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"It is equally impossible that such a conference, which is to determine the fate of this continent for many years to come, could carry on its deliberations while cannon are thundering or mobilized armies are bringing pressure to bear upon it. . . ."

Only at the finale did Adolf the Former emerge from the Reichstag speech: "If, however, the opinions of Messrs. Churchill and his followers should prevail, this statement will have been my last."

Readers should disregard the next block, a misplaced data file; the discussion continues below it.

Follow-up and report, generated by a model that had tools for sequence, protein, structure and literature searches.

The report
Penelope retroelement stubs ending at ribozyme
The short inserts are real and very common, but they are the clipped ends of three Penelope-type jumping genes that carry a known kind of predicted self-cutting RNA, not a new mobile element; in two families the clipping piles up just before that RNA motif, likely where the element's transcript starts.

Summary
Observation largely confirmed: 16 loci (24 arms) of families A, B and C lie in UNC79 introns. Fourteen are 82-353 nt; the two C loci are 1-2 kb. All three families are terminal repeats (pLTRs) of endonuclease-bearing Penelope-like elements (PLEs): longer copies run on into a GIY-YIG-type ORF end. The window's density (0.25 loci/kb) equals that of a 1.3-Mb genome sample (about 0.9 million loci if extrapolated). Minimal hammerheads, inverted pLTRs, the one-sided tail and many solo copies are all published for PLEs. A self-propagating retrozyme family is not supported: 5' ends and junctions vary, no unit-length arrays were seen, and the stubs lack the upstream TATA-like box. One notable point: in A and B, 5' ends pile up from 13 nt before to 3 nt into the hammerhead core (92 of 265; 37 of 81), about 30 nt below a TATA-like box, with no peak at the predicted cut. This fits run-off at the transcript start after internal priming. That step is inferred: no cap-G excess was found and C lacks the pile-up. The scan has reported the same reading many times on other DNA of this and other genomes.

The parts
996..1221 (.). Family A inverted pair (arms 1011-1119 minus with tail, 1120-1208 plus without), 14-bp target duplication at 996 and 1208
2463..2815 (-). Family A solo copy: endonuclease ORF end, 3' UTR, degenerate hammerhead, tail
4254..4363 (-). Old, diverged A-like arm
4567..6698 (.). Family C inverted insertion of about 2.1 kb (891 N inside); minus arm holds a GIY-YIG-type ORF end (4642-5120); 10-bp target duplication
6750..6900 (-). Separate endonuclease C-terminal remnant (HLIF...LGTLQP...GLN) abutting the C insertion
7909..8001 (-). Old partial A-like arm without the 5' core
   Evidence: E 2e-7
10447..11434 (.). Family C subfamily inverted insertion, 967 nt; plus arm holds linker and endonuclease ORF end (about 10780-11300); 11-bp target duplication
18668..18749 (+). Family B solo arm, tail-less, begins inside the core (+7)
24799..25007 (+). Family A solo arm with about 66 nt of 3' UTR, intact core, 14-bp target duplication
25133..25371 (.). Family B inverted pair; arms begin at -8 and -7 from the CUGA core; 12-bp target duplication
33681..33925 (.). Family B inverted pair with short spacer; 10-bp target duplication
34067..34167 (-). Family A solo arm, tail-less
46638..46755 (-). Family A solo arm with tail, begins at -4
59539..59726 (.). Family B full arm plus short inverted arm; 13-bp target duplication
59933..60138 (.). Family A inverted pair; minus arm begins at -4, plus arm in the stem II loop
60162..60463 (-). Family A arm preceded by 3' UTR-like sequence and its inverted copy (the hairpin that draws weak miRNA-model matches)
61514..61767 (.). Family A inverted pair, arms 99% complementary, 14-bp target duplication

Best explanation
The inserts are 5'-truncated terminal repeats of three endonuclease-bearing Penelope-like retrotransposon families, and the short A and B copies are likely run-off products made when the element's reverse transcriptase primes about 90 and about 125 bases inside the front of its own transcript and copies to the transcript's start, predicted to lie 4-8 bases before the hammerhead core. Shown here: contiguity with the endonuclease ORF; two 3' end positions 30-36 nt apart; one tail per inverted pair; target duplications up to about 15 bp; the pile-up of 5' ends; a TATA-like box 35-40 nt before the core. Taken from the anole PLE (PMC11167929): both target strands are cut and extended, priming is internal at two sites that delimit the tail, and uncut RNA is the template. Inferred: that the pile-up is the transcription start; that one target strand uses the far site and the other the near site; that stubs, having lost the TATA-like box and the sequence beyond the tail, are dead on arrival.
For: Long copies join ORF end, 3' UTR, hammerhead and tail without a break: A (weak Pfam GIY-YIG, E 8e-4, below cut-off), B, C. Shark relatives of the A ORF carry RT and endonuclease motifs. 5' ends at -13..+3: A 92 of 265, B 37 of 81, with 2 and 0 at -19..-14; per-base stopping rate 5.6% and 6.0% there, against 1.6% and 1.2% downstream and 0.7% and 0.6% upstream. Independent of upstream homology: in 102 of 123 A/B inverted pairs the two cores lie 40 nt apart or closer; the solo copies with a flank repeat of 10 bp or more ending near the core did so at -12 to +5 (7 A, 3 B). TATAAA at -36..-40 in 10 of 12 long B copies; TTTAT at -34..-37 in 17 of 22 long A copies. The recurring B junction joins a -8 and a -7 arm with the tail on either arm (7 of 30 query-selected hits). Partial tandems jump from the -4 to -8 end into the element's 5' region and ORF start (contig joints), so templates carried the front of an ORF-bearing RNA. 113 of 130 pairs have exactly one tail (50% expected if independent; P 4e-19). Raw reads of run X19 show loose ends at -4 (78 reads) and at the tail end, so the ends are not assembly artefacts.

"Maybe It's Me." Nonspecific as Mr. Hitler's peace talk was, it was peace talk of sufficient weight to send that arsy-versy peace barometer, the New York Stock Exchange price index, down a few points. Coming from almost any other bigtime warring statesman, the Reichstag speech would probably have caused the general worldwide jubilation of another false armistice. That there was no such manifestation (see col. 2) was simply the result of Mr. Hitler's past record for having such a singular deficiency in those simple old-fashioned virtues of honesty and candor. In spite of his new mantle of humanitarianism, he seemed to sense this, remarking almost pathetically at one point that "in my previous speeches to the Reichstag I made proposals with this [peace] end in view. At that time they were rejected—maybe for the simple reason that they were made by me."

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